Method

The Whitehall II study

The Whitehall II study is a cohort of 10 308 originally London-based civil servants (6895 men and 3413 women) aged between 35 and 55 years in 20 London-based civil service departments, established between 1985 and 1988 (phase 1) (Marmot et al. 1991). The validation study reported in this paper was conducted at phase 10 of the Whitehall II study in 2011. The main aims of phase 10 were to (1) validate self-completion measures of psychiatric morbidity, in addition to several other screening measures, in older people and (2) to invite a subsample of participants to take part in a neuroimaging study of late-onset depression cases and never-depressed controls.

Study sample

The sample (phase 10) was selected from the Whitehall II cohort. We drew a random sample of 255 persons, stratified by sex, age and social position (most recent employment grade) from among the 5390 cohort members who attended the phase 9 follow-up examination in 2008–2009. To obtain a sufficient number of depressed adults, we supplemented this sample by inclusion of all participants with evidence of late-onset depressive symptoms in the 2008–2009 follow-up.

Of the 5390 who attended the phase 9 screening examination, 88 participants were classified as having late-onset depressive symptoms; as six of these 88 were already selected in the random sample of 255, this gave a total supplemented sample of 337. Three of the 337 were living overseas and therefore were not invited to participate; a further four people died before being contacted. Thus, 330 people were eligible and were invited to participate at phase 10; of these, 277 took part (response rate 84%).

Study procedures and measures

Self-completion questionnaires, including the CES-D and the GHQ, were sent out in December 2010 along with invitation letters to attend a screening clinic. Participants were asked to bring along their completed questionnaires to hand in at the clinic. According to the recorded date of questionnaire completion, the majority of participants completed their postal questionnaires shortly before their screening clinic appointment (median 2 days apart, 87% less than 30 days apart). Between 31 January 2011 and 14 March 2011, participants attended screening where they completed both the interviewer-administered and the computerized self-completion versions of the CIS-R. We allocated participants randomly to complete either the interviewer version first or the computerized self-completion version first. A potential limitation of our study is that, to reduce respondent burden, both versions of the CIS-R were administered on the same day. However, participants were administered the other phase-10 measures in between the first and second CIS-R versions to reduce the risk that the respondent recalled their answer to the first version. Participants were offered tea and biscuits at the end of the phase-10 screening but no financial incentives were offered for participation. Ethical approval for the Whitehall II study was obtained from the University College London Medical School committee on the ethics of human research, and all participants gave informed written consent.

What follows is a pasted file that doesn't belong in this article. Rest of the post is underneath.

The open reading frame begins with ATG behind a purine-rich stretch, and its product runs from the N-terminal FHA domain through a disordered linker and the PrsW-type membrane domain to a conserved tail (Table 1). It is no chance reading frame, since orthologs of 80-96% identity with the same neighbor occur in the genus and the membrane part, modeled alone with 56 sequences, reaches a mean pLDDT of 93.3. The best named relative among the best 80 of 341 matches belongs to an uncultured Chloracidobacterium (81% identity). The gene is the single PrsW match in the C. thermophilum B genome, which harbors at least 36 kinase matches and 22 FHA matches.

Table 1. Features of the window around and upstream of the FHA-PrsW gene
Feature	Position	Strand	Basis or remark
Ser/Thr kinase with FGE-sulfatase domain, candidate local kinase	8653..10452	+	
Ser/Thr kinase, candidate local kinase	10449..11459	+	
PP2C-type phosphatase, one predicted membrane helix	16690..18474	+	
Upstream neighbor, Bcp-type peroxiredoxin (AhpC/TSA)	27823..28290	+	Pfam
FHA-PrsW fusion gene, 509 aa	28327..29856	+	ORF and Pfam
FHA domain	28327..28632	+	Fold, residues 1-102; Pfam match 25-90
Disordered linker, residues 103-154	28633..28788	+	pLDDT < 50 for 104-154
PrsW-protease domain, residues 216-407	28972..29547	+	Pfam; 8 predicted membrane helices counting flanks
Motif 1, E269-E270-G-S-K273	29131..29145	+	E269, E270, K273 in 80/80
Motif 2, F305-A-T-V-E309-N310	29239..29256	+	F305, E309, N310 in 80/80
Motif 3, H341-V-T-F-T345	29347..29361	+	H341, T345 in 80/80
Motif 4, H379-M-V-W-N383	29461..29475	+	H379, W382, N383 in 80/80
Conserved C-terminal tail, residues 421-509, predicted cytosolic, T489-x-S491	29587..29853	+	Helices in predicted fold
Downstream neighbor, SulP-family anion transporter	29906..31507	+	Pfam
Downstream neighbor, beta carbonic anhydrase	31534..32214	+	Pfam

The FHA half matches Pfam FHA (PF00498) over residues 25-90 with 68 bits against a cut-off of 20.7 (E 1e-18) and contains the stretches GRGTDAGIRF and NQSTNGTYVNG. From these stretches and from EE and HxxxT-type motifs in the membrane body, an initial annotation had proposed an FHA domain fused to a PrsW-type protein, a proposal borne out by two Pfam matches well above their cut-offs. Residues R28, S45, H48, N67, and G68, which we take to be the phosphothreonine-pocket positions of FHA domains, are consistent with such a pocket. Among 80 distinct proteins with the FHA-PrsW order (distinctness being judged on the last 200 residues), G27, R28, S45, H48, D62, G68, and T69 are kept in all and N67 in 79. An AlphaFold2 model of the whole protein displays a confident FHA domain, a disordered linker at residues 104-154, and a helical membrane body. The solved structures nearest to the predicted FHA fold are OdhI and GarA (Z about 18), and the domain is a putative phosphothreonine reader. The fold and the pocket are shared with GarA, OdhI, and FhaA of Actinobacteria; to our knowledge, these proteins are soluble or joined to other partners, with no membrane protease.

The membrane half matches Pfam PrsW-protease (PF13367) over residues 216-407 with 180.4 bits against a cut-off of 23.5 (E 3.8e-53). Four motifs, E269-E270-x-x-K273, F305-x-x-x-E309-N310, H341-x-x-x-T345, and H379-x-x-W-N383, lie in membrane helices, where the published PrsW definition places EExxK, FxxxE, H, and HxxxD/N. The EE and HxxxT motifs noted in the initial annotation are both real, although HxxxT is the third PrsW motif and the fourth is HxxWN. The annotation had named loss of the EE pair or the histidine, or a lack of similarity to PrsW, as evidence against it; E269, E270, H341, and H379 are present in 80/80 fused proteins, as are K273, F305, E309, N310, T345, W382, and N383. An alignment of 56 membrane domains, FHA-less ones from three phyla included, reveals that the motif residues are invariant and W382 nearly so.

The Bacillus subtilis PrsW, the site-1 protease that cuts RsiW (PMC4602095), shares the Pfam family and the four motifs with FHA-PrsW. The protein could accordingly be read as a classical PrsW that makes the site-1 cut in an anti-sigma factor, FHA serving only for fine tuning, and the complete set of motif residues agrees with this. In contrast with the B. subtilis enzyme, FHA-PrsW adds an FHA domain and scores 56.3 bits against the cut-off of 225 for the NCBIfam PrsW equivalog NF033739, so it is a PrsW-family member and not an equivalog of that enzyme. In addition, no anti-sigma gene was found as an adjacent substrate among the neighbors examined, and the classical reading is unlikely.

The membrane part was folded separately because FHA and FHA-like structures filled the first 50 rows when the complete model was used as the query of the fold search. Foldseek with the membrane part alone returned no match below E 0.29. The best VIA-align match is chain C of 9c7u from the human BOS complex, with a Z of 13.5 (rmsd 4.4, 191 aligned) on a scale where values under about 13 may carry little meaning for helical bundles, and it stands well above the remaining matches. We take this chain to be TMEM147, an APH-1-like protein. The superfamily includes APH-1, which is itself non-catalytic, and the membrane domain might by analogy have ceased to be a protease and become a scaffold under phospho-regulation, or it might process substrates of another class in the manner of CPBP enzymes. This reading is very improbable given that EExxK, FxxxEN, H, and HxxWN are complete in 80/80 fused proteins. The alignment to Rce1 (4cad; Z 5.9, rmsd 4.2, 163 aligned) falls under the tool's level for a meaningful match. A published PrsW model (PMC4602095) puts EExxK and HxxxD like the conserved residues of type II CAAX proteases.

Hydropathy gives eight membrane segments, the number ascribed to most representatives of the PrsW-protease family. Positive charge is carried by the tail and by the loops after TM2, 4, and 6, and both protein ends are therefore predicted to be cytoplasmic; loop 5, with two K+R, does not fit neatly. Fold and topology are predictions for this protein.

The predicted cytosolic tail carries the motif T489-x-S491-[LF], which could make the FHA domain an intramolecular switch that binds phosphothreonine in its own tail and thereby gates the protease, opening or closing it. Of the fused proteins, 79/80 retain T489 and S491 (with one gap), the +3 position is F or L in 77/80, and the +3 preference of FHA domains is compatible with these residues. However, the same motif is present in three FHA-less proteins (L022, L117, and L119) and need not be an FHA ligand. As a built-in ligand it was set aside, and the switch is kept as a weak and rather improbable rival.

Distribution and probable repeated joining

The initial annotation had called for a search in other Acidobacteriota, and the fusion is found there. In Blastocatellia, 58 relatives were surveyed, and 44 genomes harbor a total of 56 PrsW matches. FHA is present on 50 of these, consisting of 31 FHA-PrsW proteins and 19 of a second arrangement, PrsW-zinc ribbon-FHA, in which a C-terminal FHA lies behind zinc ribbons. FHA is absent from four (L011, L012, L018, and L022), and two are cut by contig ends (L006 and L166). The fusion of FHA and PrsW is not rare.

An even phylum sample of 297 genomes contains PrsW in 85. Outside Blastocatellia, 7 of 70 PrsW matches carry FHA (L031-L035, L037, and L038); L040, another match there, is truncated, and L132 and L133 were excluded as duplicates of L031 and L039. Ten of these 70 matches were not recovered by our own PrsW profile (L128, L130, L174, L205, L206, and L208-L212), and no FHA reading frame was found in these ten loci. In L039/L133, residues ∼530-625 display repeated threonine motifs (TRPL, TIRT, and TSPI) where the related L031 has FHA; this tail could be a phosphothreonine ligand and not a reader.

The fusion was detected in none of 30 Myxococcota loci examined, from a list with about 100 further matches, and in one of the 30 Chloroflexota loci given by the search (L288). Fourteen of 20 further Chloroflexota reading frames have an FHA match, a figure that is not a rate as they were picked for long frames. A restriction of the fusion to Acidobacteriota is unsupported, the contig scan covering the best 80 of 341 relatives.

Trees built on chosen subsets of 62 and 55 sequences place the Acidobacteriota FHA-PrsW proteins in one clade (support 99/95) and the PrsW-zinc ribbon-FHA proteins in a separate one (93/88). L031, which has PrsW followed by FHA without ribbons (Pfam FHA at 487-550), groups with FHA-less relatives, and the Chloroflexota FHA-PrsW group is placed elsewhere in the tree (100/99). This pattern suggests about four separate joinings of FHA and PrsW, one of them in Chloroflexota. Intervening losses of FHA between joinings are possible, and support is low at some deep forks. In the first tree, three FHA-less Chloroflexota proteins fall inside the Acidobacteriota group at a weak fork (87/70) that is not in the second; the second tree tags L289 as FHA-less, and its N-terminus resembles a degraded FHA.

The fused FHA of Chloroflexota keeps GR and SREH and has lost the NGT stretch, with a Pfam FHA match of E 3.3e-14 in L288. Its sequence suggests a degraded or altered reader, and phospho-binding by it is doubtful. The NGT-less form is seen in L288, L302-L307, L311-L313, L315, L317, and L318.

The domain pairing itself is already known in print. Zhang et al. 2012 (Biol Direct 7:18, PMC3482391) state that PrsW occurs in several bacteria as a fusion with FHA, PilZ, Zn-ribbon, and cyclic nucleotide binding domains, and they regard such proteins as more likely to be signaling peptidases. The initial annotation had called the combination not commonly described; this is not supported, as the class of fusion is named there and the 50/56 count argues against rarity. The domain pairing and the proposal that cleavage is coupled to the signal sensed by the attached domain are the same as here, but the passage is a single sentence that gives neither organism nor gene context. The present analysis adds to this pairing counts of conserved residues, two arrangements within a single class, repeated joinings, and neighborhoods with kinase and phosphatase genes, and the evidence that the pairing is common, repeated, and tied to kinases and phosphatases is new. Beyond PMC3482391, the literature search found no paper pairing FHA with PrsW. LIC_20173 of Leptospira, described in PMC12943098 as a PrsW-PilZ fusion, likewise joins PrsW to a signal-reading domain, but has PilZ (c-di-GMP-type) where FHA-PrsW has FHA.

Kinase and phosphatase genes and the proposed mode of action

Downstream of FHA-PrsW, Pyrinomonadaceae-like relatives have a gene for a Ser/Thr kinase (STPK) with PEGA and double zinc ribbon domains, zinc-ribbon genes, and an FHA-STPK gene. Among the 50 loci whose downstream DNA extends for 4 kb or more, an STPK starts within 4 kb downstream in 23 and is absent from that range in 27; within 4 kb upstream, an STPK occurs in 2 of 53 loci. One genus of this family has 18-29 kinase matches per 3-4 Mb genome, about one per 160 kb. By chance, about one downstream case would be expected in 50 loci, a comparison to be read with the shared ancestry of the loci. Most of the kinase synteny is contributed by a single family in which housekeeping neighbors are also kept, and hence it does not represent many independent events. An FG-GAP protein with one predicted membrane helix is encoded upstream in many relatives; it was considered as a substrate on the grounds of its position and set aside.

The CIS-R is a structured diagnostic interview for common mental disorders, formerly neurotic disorders (Lewis et al. 1992), but because of the structured nature of the questions and responses in this measure, a computerized self-completion version is also available (Lewis et al. 1988). Both versions generate scores on 14 psychiatric symptoms (listed in Table 1), a total score and diagnoses of depressive and other common mental disorders based on the ICD-10 (diagnoses listed in Table 2), thus providing measures of severity and also presence or absence of mental disorders.

Table 1. Prevalence of mental disorders

CIS-R, Clinical Interview Schedule Revised; CI, confidence interval; CES-D, Center for Epidemiologic Studies Depression Scale; GHQ, General Health Questionnaire.

a There were two cases of panic disorder (ICD-10 F41.0) and no cases of obsessive–compulsive disorder (ICD-10 F42).

Table 2. Agreement between self-completion and interviewer versions for the total CIS-R score and symptom scores (n = 274)